Science of Golf: Water Conservation

Use this guide to investigate a question about the conservation of irrigation water for a golf course. Write your lab report in your science notebook.

 

Ask Beginning Questions

The video makes me think about these questions….

 

Design Investigations

Choose one question. How can you answer it? Brainstorm with your teammates. Write a procedure that controls variables and makes accurate measurements. Look up information as needed. Add safety precautions.

         Information we need to understand before we can start our investigation is….

         The aspect of water conservation we will be working on is….

         This aspect of water conservation is important because….

         The variables we will be working with are….

         We will evaluate our design by….

         To conduct the investigation safely, we will….

 

Record Data and Observations

Record your observations. Organize your data in tables or graphs as appropriate.

 

Make a Claim Backed by Evidence

Analyze your data and then make one or more claims based on the evidence your data shows. Make sure that the claim goes beyond summarizing the relationship between the variables.

 

My Evidence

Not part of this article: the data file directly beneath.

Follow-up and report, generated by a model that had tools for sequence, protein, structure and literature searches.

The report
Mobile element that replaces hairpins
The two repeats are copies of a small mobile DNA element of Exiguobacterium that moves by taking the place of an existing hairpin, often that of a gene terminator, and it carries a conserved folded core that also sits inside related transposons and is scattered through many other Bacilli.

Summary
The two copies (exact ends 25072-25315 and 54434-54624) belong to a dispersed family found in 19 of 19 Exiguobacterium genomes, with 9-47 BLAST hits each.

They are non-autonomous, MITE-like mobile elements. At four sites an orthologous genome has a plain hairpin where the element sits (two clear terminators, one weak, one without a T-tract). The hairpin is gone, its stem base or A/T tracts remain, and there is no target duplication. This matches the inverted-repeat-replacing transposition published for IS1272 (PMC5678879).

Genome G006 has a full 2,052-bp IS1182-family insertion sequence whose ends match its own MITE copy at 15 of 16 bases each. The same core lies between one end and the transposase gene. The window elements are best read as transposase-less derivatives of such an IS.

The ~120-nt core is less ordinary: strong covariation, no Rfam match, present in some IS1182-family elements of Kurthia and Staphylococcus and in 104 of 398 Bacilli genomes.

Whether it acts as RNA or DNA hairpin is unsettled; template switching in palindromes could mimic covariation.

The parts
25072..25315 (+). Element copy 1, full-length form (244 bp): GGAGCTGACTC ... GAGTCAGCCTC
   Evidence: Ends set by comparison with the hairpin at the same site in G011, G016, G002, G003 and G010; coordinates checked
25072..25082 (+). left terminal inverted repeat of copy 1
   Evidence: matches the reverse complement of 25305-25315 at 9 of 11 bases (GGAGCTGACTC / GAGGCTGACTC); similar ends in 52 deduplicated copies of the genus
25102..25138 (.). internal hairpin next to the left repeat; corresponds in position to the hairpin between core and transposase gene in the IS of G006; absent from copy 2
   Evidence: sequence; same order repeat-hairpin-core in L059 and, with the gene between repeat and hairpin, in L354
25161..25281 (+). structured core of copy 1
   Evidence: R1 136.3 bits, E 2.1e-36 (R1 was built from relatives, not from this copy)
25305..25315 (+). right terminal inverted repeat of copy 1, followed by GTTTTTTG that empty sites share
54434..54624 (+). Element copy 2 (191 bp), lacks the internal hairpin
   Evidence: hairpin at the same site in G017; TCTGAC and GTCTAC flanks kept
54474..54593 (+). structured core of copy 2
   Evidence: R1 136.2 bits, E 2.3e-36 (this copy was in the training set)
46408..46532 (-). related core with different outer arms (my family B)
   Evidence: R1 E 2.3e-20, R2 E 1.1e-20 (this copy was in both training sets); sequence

My Claim

My Reason

 

 

 

 

 

Compare Findings

Review the video and then discuss your results with classmates who investigated the same or a similar question. Or do research on the Internet or talk with an expert. How do your findings compare? Be sure to give credit to others when you use their findings in your comparisons.

         My ideas are similar to (or different from) those of the experts in the video in that….

         My ideas are similar to (or different from) those of my classmates in that….

         My ideas are similar to (or different from) those that I found on the Internet in that….

 

Reflect on Learning

Think about what you found out. How does it fit with what you already knew? How does it change what you thought you knew?

         The claim made by the expert in the video is….

         I support or refute the expert’s claim because in my investigation….

         When thinking about the expert’s claims, I am confused as to why….

         Another investigation I would like to explore is….

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Copy Master: Focused Inquiry Guide for Students

 

Science of Golf: Water Conservation

Use this guide to investigate a question about the conservation of irrigation water for a golf course. Write your lab report in your science notebook.

 

Ask Beginning Questions

How do a turfgrass playing surface and the amount of water retained by the turfgrass relate to each other?

 

Design Investigations

Brainstorm with your teammates about how to answer the question. Write a procedure that controls variables and allows you to gather valid data. Add safety precautions as needed. Use these prompts to help you design your investigation.

         The characteristic of the fairway that we will be considering is….

         Other aspects or properties of the fairway that might confuse our results are….